Expectations

Expectations

EXPECTATIONS
By: Dr. Cassandra Clarke-Williams

Relationships can be rough both socially and intimately. Relationships sit at the center of survival, yet it is the hardest thing to master. My nephew is in a romantic relationship that doesn’t sound healthy for him. It appears that he wants something from his mate that she can’t offer and although she is failing to meet his needs, he is still holding on. Usually in relationships, couples, friends, associates, co-workers, family and etc…have expectations from one another that each can’t always fulfill. When those expectations are not filled, the one with the expectation becomes disappointed. At times, the person that is supposed to be living up to this expectation is not even aware that this expectation has been placed on them. Why do people demand wanting more than people can really give them. My son has an unrealistic expectation that I will always know whatever information he is seeking and when I don’t know or don’t give what he felt I should have given to the situation, he becomes upset. He knows that his expectations are unrealistic, but yet has not diminished this notion.

 

Expectations formulate from a thought or a belief that we have even though it may not really happen. Having expectations that are too high can create stress, low-self esteem, and anxiety. Tony Robbins says not to have expectations of others because it leads to disappointment. At the end of the day, expectations that are unrealistic and too high lead to unhappiness and may require some professional help. It also ruins relationships.

According to Dr. Alex Lickerman, people’s expectations of their experiences can heighten how they perceive the experience. Dr. Lickerman stated that there are four scenarios that can happen regarding experiences and expectations. Where do you fall in this matrix based on your expectations and experiences?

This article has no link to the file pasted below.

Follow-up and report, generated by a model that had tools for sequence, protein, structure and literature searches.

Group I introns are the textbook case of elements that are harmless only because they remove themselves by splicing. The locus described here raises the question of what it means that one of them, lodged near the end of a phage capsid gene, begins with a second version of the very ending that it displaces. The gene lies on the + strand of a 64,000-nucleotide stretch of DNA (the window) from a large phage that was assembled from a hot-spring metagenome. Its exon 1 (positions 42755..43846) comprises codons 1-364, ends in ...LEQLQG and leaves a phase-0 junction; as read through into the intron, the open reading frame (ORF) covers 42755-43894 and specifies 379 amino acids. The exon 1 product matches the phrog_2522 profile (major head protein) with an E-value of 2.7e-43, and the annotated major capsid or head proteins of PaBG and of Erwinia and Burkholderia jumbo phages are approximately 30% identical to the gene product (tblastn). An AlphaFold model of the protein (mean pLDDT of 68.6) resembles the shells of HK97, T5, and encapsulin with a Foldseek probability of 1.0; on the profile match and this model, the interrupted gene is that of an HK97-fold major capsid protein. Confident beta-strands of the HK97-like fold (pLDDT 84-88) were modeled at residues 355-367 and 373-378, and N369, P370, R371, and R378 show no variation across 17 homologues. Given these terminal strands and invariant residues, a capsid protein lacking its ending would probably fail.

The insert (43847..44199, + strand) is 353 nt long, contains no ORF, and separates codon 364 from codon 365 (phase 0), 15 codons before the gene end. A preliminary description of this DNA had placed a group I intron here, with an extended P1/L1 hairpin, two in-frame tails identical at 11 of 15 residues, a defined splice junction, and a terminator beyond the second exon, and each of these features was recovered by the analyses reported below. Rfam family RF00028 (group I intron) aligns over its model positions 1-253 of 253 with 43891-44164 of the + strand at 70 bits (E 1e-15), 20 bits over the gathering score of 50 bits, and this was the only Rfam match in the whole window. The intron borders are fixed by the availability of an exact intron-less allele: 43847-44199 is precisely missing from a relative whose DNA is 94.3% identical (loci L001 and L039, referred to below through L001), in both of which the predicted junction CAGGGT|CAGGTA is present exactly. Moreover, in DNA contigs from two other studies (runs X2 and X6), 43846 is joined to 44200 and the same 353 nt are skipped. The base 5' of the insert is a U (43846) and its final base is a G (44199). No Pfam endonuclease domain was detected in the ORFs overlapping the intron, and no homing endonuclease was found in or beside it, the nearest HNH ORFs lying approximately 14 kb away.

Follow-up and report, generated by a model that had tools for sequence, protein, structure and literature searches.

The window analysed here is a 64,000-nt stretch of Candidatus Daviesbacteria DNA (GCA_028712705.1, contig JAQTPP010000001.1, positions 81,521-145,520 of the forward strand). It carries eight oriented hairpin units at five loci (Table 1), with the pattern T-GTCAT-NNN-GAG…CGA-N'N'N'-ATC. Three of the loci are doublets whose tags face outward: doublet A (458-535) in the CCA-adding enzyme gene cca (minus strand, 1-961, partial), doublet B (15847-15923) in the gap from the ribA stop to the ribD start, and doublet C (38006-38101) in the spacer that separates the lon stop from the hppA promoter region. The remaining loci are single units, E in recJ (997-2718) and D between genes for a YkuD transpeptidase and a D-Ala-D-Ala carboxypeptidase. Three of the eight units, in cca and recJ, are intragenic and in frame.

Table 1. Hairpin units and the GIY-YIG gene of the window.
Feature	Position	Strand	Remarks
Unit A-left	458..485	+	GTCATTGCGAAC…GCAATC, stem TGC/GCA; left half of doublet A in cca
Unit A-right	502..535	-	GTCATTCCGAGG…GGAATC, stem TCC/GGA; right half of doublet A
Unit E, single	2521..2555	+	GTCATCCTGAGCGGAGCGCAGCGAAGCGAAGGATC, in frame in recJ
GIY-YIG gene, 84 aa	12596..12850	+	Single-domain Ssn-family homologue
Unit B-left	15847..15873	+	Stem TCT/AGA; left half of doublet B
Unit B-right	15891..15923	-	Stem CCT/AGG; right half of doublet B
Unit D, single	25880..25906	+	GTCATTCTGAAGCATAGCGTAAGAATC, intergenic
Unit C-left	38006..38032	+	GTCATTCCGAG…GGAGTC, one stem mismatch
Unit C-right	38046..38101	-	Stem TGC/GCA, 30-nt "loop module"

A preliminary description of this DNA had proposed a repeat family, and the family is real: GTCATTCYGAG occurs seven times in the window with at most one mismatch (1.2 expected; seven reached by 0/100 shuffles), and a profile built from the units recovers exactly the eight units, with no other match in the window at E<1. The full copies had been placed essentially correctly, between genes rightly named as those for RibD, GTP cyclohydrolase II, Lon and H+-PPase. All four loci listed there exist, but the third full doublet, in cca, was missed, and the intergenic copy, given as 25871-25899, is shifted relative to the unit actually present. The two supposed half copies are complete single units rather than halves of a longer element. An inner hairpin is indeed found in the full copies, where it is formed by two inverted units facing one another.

1)    low expectations and a poor experience: not really disappointed because didn’t have any anticipations.

2)    low expectations and good experience: turned out better than anticipated.

3)    high expectations and good experience: turned out as you hoped.

4)    high expectations and poor experience: did not turn out as you hoped and led to disappointment.

 

Now that you have assessed where you fall on this spectrum, if you find yourself on the high expectation side but getting a poor experience, you might want to adjust your expectation or even taking a look into what is happening for that you are not getting the hoped for outcome. If you are on the low expectation side but getting a poor experience, this too might be an issue. You might need to boost your expectations some. It could be that something else may be going on for you in this area.

 

Ask yourself these questions:

 

1)    Stop for a few minutes! Think about what is within your control and what is out of your control?

2)    Why are these expectations so important?

3)    What need do you feel is not being met or met through these expectations?

4)    What would not letting go of these unrealistic expectations do or cause in your life that is so detrimental?

5)    How did these unrealistic expectations formulate in the first place?

 

Reference

Lickerman, A. (2010). The Danger of having unrealistic expectations: how what we expect determines what we experience.

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